Under UK patent law, if an employee creates an invention during the normal course of their duties or during duties specially assigned to them, and it is reasonable to expect an invention to result from those duties, then it is very likely that the patented invention will belong to the employer. This could be for example, if the employee is employed as a researcher in a Research & Development company.
The invention will also belong to the employer if the invention was made by an employee who had a special obligation to further the interests of the company, for example, if the employee was Director of Finance.
Should the patented invention then be commercially exploited such that it becomes of “outstanding benefit” to the employer, then the employee may be entitled to compensation.
To date, there has been very little case law in this area. Indeed, Kelly and Chiu v GE Healthcare Limited  EWHC 181 (Pat) is the only reported successful case where compensation has actually been awarded. This is primarily since the element of “outstanding benefit” is very difficult to prove. The size and nature of the company, amongst other things, is taken into account. Furthermore, the onus is on the employee to prove that it is “just” that it should be awarded compensation.
A further complication arises when the employee is actually employed by a research oriented, non-trading subsidiary of a parent umbrella group, whilst the benefit derived by the patented invention is enjoyed by the umbrella group. This was the situation outlined in Unilever plc and others v Shanks (2010).
Professor Shanks worked for Unilever UK Central Resources Ltd (“CRL”) and in 1984 he invented a device with potential use in home diagnostic kits for diabetes. The invention was a device which draws into itself by capillary action a precise volume of fluid to enable rapid chemical and biochemical measurements to be made in relation to that fluid. It was routine practice for patents (both UK and overseas patents) relating to inventions created by CRL to be filed in the name of the parent company, Univelver Plc, with an assignment between the two companies supporting the change of title.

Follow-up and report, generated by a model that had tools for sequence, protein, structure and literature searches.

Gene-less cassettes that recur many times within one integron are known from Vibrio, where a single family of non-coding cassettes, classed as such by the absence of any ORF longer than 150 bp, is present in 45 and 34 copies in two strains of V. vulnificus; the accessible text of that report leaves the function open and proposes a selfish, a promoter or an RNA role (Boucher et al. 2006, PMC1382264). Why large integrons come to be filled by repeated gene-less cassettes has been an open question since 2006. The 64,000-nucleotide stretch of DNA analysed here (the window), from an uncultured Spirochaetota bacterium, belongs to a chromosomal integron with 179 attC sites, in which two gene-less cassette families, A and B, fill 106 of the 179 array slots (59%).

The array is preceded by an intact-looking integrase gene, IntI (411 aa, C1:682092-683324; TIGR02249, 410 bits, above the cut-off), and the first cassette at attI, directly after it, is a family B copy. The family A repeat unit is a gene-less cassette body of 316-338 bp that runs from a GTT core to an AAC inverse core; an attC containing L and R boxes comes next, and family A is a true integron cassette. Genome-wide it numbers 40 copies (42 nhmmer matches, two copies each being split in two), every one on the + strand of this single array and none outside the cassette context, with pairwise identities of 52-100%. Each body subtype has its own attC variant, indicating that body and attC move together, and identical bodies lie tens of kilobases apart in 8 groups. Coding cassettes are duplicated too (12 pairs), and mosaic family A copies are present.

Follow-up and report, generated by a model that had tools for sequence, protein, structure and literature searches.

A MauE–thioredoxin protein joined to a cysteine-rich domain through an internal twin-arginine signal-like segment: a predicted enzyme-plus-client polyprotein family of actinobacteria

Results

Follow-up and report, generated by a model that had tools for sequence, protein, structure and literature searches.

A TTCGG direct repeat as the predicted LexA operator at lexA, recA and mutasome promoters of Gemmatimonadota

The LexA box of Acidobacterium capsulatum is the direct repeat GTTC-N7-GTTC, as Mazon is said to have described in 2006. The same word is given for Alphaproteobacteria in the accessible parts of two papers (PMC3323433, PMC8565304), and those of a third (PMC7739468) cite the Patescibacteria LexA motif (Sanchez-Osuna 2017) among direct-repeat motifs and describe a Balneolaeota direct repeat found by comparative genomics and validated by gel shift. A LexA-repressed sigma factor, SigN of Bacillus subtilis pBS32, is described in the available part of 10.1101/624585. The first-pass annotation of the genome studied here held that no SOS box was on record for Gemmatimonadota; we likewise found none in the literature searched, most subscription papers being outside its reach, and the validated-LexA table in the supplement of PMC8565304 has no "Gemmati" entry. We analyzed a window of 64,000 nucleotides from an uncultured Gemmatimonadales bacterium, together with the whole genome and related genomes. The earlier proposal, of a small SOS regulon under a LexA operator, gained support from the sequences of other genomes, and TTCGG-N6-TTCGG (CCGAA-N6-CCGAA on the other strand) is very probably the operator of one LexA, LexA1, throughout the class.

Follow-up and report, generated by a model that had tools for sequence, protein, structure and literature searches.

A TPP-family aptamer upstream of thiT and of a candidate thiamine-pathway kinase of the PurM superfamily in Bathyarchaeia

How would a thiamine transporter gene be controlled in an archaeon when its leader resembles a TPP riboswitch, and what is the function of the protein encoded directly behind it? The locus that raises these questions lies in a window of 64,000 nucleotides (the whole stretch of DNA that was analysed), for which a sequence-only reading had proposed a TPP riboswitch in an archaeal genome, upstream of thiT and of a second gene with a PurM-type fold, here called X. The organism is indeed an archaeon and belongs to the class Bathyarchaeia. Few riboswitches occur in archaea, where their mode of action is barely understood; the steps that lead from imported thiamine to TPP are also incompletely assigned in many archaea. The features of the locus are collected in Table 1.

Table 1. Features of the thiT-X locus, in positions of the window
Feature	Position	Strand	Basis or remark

The Unilever group of companies as a whole did not initially aggressively exploit the invention but in time the patents were gradually licensed out to third parties. Eventually, by the time the patents expired, royalties amounting to about £23m were received. Professor Shanks subsequently made an application for compensation.
After considering all the facts, the Judge concluded that Shanks should in fact be entitled to compensation. The fact that the subsidiary company assigned its rights away did not mean that the Unilever group as a whole could escape the statutory provisions for compensation.
Whilst the amount of compensation has yet to be decided in this particular case, UK law provides that employees should receive a fair share of the benefit derived from the invention, the patent and/or assignment of any rights of the invention or the patent application. The amount takes into consideration, for example, the employee’s pay and duties, whether any co-inventors were involved, and the employer’s contribution, for example, use of any specialist laboratory equipment.
If you feel that, as an employee, perhaps you have reasonable grounds for making an application for compensation, and would like to find out more, please contact Albright Patents.